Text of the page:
Patriotic Muslim Family Faces Social Boycott for Singing Vande Mataram, Wearing Tricolor Clothes

Gulchaman Sherwani, a lover of the country’s national song and ode to the motherland ‘Vande Mataram’, has said he has been facing unprecedented problems from certain groups within his community in Agra, UP for his fondness for the national song and the tricolor.

Sherwani said that his family is being persecuted and his children are not being given admission in Muslim-run schools due to his passion for the national song and the national flag colors.

Sherwani, 34, who lives in Azampura here, which is dominated by the minority community, wears clothes stitched in the three colours of the national flag. He told TOI that his children were removed from school after other people from his community objected to his singing ‘Vande Mataram’. Sherwani transports parts of shoes which his wife stitches to various shoe manufacturers.

The school confirmed it had taken “action” against one of Sherwani’s children. Aslam Khan, who runs the school, said, “Sherwani’s daughter was enrolled here. But after the other parents objected, I was forced to remove her name from the rolls. Many people from the community have objected to the girl and her family wearing tricolor clothes. There have also been objections to her father singing the national song, despite there being a fatwa against it.”

Mohammad Idrish Ali, president of AIMIM’s Agra unit, also confirmed that Sherwani had been disowned by the community as prescribed under the Shariah for reciting ‘Vande Mataram’.

Sherwani said, “The shahi imam of Delhi Jama Masjid, Maulana Ahmed Bukhari, issued a fatwa against me and even called me a ‘kafir’ (unbeliever). But the fatwa has not deterred me from singing the song. Even my family disowned me when I was nine years old because of my love for the song. I have never met them since then.”

However, Sherwani’s stepmother, Ajeejan, said, “We never disowned him. He left home on his own.”

Sherwani’s younger brother, Shakir Ali, said, “He never listens to anyone and does whatever he likes. Everyone in the family is annoyed with him. But our anger has nothing to do with his love for ‘Vande Mataram’.”

Sherwani had reportedly protested against a fatwa issued in 2006 by Sunni Ulema Board president Maulana Syed Shah Badruddin Qadri in Hyderabad against the singing of the national song in schools. He had then gone on fast under the Bharat Mata statue in front of the Agra civil court, calling the fatwa an anti-national act.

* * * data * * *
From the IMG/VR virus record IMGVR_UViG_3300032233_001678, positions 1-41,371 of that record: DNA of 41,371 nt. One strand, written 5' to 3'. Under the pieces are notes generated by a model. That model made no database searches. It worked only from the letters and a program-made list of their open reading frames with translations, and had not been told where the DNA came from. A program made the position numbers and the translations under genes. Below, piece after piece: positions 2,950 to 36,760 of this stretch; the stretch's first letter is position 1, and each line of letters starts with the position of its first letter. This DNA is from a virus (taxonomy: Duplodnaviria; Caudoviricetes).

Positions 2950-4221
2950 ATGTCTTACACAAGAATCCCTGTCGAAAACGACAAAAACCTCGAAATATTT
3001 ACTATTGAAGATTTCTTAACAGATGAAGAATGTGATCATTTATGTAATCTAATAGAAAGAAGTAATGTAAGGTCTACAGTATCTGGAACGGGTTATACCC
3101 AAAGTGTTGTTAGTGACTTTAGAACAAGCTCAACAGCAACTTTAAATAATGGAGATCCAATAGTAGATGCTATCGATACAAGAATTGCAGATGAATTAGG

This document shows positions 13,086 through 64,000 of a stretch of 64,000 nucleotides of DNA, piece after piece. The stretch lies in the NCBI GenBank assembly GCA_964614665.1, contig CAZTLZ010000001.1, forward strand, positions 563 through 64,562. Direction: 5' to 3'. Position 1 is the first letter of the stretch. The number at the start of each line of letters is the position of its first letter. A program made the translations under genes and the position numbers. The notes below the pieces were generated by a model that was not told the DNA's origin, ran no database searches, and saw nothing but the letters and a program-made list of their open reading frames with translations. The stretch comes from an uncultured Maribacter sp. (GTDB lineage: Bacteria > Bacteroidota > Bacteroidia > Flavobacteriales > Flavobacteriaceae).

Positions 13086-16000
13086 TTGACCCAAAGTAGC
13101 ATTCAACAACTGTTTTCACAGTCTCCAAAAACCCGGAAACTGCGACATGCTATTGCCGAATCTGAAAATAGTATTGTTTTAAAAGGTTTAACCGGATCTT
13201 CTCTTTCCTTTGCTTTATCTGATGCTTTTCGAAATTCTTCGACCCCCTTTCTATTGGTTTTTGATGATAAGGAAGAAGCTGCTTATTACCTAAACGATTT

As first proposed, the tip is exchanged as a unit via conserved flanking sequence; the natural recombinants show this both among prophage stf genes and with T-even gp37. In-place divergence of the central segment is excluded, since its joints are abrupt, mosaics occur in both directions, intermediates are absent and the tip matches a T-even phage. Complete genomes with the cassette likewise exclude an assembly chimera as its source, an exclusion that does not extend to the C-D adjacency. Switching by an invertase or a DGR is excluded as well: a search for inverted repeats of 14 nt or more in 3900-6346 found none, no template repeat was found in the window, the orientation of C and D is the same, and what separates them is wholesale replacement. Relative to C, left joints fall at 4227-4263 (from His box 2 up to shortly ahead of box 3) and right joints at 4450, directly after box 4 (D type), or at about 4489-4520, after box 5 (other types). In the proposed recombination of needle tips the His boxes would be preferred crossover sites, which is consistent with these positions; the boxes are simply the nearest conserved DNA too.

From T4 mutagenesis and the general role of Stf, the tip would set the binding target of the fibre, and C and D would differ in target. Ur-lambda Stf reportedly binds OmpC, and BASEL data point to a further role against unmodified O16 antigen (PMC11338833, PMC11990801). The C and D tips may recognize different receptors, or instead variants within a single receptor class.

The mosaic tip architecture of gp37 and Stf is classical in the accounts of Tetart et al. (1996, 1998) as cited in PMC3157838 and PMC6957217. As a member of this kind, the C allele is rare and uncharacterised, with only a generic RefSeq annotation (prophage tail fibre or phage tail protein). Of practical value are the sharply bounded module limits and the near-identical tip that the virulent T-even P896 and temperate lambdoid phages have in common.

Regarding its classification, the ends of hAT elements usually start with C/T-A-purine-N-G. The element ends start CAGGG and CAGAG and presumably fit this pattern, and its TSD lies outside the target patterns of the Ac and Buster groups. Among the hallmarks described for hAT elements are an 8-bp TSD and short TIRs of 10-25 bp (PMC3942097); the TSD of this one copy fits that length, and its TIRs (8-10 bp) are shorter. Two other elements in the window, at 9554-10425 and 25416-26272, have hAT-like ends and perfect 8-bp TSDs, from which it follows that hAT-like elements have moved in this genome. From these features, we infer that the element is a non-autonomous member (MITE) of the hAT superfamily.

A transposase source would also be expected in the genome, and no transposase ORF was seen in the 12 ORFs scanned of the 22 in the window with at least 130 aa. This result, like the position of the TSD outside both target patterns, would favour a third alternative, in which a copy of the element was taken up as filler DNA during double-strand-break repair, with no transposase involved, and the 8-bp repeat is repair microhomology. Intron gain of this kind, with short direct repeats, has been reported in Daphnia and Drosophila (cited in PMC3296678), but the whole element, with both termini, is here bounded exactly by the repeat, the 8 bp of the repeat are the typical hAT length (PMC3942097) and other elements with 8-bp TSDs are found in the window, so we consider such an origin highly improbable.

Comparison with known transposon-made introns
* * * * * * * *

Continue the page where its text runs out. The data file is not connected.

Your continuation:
“I had demanded action against the maulana for the fatwa, but nothing happened. So I took a pledge of not eating any cereals. The fact that my son and daughter were born on August 15 and January 26 proves beyond a doubt my love for the country. Even during my wedding, the band had played Vande Mataram and people had danced to it,” Sherwani said.

His neighbour, Farman Saifi, said, “The community is against Sherwani because of his habits, such as colouring everything in the tricolour, reciting ‘Vande Mataram’ and opposing the fatwas. Most of the people here do not speak to him.”

Agra sheher mufti Abdul Khuvaid Rumi said, “I am not aware of Sherwani’s case, but for a Muslim reciting anything except the name of Allah is un-Islamic.”

Is Patriotism Haram (Taboo)?

Talk to any garden-variety liberal in Delhi and they will loudly say that Muslims are as much Indian as anyone else – that questioning the Muslim community’s objections to the national song, or their proclivity to put shariah (Islamic ‘divine’ law) over the Constitution (man-made law), is communal hate-mongering.

Undoubtedly, there are very many patriotic Muslims – well known ones include APJ Abdul Kalam, Lt. Gen. (retd) Syed Ata Hasnain, Maroof Raza etc.

But we cannot brush under the carpet the role of the Muslim clergy in making taboo certain practises and behaviours that normally would help in the process of national integration and in developing a common notion of nationhood.

The Muslim objection to singing Vande Mataram on the grounds that Muslims do not bow to anyone but Allah and hence they are not allowed to pay obesiance to the mother land, is puzzling for other citizens of Bharat. Even more so, because in October 1937 the Congress Working Committee under the presidentship of Jawaharlal Nehru decided to assuage Muslim objections towards the fourth stanza of the song which contains references to Maa Durga and Maa Lakshmi, by deciding that only the first two stanzas would be sung at national gatherings.

In 1950, the first two verses of Vande Mataram were declared the national song of the Republic of Bharat, distinct from the national anthem of Bharat, Jana Gana Mana. The first two verses of the song are an abstract reference to mother and motherland, they do not mention any Hindu deity by name.

And there is no end to the Muslim clergy’s demands to refashion our nationhood in the light of Islam. Sundry maulvis and qazis have raised objections even to the national anthem, terming it ‘un-Islamic’ and Muslim school managements have disallowed it as it “puts country above ‘mazhab’ (religion) and ‘khuda’ (god)”! 

But what really takes the cake in this case is Gulchaman Sherwani’s neighbours’ objection even to his family wearing tricolor clothes. What explains this deep revulsion to any marker of national identity? Why are we fooling ourselves by pretending that such mindsets if left unchecked will not have dangerous consequences?

Sushil Pandit has said it best in his Facebook Post

“Will this nation of 1.3 billion stand by this brave and uncompromising patriot? Gulchaman Sherwani is made to suffer social isolation and his family is being punished, for defying a bigoted clergy and it’s brainwashed followers who are held hostage in the name of faith.”


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